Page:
They are incorrectly labelled though very commonly done unfortunately , the list of cables is below however what they are capable of depends on length
Standard HDMI Cable: These cables are designed for common HDTV broadcast, cable, and satellite TV resolutions (up to 720p and 1080i) with a bandwidth capacity of up to 5 Gbps. It is optimized for HDMI versions 1.0 to 1.2a.
Standard Automotive HDMI Cable: This cable type has the same capabilities as a standard HDMI cable, but is used to connect portable or in-car DVD players and other devices to in-car video displays. Extra shielding is provided to suppress interference from other car electrical systems and wiring.
High-Speed HDMI Cable: This type of cable is designed to handle video resolutions of 1080p and 4K (30 Hz) as well as provide support for 3D and Deep Color. Bandwidth transfer speeds up to 10 Gbps are supported. It is optimized for HDMI versions 1.3 to 1.4a.
High-Speed Automotive HDMI Cable: This type supports the same features as High-Speed HDMI cables but is optimized for the automotive environment.
Premium High-Speed HDMI Cable: This cable type is designed for reliable transfer of 4K/UltraHD resolution video, including 4K/60 Hz, HDR, and expanded color range. Cable bandwidth support is 18 Gbps and is optimized for HDMI versions 2.0/a/b.
Ultra High-Speed HDMI Cable: This cable type includes all of the capabilities of the other cables with added support for 8K video with HDR and even 10k resolution. It supports up to 48 Gbps bandwidth (transfer speed) and is less susceptible to EMI (electromagnetic interference) caused by some wireless devices. This cable type is optimized for HDMI version 2.1.
HDMI Cables with Ethernet Built-in: There are also Standard, High-Speed, Premium High-Speed, and Ultra High-Speed HDMI cables that may support an additional HDMI Ethernet Channel (HEC). These cables are designed to allow multiple HDMI-connected devices to share a single traditional Ethernet connection to a broadband router at speeds of up to 100 Mb/sec. However, this feature is not normally implemented on devices.
Amazon basic high speed for the resolutions you are running at thought at 10m it could be trial and error if they work with higher resolutions
Just a thought, when I change TV's in future they will be 4K presumably so will need a scaler splitter.
Also will a scaler splitter be ok to use now with existing 1080 tvs. ie; "future proof"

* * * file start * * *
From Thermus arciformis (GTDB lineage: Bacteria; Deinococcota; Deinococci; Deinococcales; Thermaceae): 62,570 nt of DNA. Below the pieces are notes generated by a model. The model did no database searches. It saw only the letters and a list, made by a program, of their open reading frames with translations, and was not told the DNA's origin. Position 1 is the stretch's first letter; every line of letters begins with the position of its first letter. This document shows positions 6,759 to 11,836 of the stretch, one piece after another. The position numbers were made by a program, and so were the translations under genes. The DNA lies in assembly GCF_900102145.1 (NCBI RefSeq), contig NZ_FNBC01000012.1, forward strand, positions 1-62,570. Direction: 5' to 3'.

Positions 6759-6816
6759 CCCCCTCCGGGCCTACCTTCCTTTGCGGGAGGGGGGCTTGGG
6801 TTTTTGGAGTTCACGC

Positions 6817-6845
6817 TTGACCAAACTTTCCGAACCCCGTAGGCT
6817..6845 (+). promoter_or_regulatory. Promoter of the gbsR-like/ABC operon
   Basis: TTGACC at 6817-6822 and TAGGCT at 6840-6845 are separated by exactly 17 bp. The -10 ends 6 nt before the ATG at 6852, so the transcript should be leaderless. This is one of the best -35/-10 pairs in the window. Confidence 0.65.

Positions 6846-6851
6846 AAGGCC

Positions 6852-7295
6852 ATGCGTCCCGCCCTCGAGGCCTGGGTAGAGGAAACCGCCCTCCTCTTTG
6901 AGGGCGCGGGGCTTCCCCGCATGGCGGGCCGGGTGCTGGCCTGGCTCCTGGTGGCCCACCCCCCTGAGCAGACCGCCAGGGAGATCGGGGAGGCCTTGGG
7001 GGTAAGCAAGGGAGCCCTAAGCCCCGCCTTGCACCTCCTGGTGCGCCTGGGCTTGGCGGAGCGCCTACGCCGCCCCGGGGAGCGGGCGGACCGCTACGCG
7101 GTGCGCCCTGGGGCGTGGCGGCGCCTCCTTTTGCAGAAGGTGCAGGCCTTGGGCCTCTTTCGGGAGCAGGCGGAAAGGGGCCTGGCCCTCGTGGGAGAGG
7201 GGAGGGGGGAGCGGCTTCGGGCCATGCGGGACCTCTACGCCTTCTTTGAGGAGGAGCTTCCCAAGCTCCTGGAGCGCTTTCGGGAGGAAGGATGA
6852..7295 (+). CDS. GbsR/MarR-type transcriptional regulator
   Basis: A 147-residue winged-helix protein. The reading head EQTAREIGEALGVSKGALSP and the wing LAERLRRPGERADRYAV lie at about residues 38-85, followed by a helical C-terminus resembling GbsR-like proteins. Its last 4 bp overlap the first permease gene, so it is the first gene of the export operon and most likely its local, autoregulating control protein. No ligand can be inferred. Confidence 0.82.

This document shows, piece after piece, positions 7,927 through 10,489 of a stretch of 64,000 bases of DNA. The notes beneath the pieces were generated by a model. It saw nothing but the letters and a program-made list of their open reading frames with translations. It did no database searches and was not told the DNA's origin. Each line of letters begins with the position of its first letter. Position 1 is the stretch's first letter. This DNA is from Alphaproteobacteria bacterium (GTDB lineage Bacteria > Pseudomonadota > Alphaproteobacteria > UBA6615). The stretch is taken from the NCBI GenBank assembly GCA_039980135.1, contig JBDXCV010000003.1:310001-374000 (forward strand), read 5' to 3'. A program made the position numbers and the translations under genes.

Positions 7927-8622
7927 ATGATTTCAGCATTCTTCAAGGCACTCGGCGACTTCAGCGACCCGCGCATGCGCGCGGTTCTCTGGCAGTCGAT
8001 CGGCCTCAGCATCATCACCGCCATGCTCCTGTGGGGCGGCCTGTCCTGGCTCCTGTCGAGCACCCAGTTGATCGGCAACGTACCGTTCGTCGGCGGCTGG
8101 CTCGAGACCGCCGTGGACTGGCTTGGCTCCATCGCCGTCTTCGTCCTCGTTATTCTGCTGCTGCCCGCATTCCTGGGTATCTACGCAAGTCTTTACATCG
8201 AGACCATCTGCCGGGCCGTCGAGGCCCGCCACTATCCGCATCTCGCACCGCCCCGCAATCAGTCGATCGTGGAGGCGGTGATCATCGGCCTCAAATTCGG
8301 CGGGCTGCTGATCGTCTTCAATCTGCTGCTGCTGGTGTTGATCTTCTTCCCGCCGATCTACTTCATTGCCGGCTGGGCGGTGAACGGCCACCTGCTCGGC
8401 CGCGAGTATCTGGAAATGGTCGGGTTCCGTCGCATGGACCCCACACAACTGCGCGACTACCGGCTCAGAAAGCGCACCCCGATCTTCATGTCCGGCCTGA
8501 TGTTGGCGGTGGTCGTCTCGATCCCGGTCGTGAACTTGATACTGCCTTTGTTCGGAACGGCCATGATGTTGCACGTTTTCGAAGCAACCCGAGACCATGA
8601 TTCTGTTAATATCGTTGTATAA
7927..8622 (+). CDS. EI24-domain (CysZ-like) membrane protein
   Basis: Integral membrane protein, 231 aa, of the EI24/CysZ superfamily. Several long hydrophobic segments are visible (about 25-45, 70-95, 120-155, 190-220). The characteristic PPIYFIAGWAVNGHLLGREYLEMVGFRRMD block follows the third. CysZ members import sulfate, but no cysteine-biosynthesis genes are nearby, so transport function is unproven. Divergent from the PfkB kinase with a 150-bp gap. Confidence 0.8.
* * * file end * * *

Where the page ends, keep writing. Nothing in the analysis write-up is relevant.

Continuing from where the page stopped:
Selected Virgin channel 124 Gold, (Dad's Army of course) on main TV, perfect picture but no sound.
But In kitchen, perfect picture and full sound. ALL other channels are fine, just 124 on Tivo.
So connected HDMI direct to main tv -fine.
Swapped outputs from splitter, still no sound.
Instructions with splitter say with 2 1080 tvs put both scaler switches to on -done-no sound.
Turned switches to off in turn-#2 produces sound. So all ok but is the splitter at fault.?
Strange that only one of hundreds of channels only VM 124 is affected .
Tried that, no difference so have left switch 2 to on and 1 to off. All fine now.
Also now have a problem with Freeview terrestrial from roof aerial .BBC 1 and 2 (non HD) channels are breaking up. HD is fine. Is the signal strength different on BBC.? Aerial problem?
Further to my last post can I ask for help please .
I have fitted the HDMI splitter as suggested and quality of cable signal to both TV's is perfect.
However there is now an intermittent loss /breakup of Freeview RF signal on BBC 1, 2 and several other "minor" channels. I have checked and re-made all connectors..
I had a look at the signal strength on the main TV via the menu. It showed the RF signal quality as poor to zero. However when I turned off the Tivo the signal returned to full! I toggled this several times with the same result. But I have just turned on both systems and all is clear and fine now!
For information the HDMI splitter is close to the RF cable behind the TV, with several power cables, Roof aerial has been up for many years-clue?
Can the HDMI or power cables interfere with Freeview RF?
Whilst everything is ok at present I'm awaiting the symptoms to reappear.
Any thoughts as to where to go next.
Thanks for getting this far!
Thanks, realised that the power cables ran in trunking alongside RF Coax with no issues before I added the HDMI cable. Now discovered that if I feed the TV direct from aerial it's ok, so now suspect the old powered RF splitter, one in two out. Do they fail?
HDMI cables can and very often do affect Freeview.
They can radiate spurious RF blocking RF channels.
Keep them as far apart as possible from RF cables and try different HDMI cables.
Price of the cables has no bearing on the symproms.
Strange that all was ok with original short HDMI to main tv (less than 1 metre) but symptoms appeared after adding HDMI splitter and cable to kitchen. Break up is on both TV's from old RF splitter which leads me to suspect it.
Further update, (sorry if this is getting boring), on looking at the signal strength (parameters section of set up in menu) for each channel in turn , all the channels with very weak or no signal have a channel number below 34 and showing as less than 578.00 mhz. . This is through old splitter. When connected direct from roof aerial most are much improved but not all at optimum .
So new splitter and/or aerial?